The Huguenot Mill in Greenville was built on the banks of the Reedy River in 1882. Founder Charles Lanneau opted to use coal power rather than hydroelectric power, despite the mill’s construction along the river. The Huguenot Textile Mill – also known as the Huguenot Plaid Mill – became one of the Piedmont’s first coal-powered mills as a result. It was also the first textile mill in the state to weave together plaid and gingham materials along with cotton. The mill was fireproof, a common construction feature of New England mills. It later served as the Nuckasee Manufacturing Company and has undergone several modifications over the years to accommodate the building’s varying roles.
The mill served as a garment factory and an outlet store in the 1970s before it was purchased – along with three adjacent nineteenth-century industrial buildings – in the 1980s as part of the Peace Center. This public-private venture restored the textile mill as well as the other buildings – a mayonnaise factory, a store, and a coach factory – and integrated them into the performing arts center while also building the Peace Concert Hall and Gunter Theatre. Today the Huguenot Mill is utilized as offices and event space.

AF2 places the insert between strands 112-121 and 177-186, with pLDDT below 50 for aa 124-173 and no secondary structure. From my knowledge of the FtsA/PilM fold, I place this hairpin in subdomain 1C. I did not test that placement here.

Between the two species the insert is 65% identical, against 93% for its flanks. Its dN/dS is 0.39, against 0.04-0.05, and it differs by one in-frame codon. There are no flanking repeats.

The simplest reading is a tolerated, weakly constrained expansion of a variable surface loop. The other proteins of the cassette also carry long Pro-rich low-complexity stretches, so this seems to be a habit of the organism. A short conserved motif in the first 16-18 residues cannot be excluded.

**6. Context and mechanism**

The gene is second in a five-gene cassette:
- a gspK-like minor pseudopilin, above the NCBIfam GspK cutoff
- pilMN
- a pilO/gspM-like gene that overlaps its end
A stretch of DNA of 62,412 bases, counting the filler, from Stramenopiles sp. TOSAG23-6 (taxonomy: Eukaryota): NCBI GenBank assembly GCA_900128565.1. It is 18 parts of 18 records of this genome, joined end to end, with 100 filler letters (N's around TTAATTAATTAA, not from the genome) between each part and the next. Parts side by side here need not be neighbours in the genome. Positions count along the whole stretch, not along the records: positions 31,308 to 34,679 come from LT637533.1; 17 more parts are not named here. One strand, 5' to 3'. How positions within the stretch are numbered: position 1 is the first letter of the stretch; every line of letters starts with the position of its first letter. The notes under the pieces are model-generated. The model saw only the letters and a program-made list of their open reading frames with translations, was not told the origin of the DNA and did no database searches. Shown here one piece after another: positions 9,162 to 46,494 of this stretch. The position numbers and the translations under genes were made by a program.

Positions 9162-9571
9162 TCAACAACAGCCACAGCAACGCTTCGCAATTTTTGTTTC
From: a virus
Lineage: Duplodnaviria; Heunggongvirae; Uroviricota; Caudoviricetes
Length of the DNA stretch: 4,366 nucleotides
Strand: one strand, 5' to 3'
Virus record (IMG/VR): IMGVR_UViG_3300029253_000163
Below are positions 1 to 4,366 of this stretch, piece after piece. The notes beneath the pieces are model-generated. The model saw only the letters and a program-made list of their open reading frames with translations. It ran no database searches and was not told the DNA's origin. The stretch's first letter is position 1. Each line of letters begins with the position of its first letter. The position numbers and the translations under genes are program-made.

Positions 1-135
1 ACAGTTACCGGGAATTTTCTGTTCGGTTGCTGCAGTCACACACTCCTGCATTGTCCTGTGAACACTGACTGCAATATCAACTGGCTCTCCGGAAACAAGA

The Huguenot Mill is listed in the National Register as part of the Reedy River Industrial Historic District:
The Reedy River Industrial Complex is the only area in downtown Greenville which has maintained its historic and architectural character as a nineteenth and early twentieth century industrial and commercial district. Featuring six industrial or commercial structures constructed between 1850 and 1914, the Reedy River Industrial Complex represents Greenville’s transition from a nineteenth century summer resort and agricultural village into a leading international textile center. Visually connected by the Reedy River, these structures were historically developed as portions of a related industrial complex which served the Greenville Coach – Markley Carriage Factory and the Huguenot Mill. The contributing resources include: the Greenville Coach Factory Blacksmith Shop (ca. 1850); the Markley Carriage Factory Paint Shop (prior to 1915); the Markley Hardware Store (between 1905 and 1914); the Huguenot Mill (1882); the Huguenot Mill Office (ca. 1890-1900); and the Cotton Warehouse (between 1908-1913).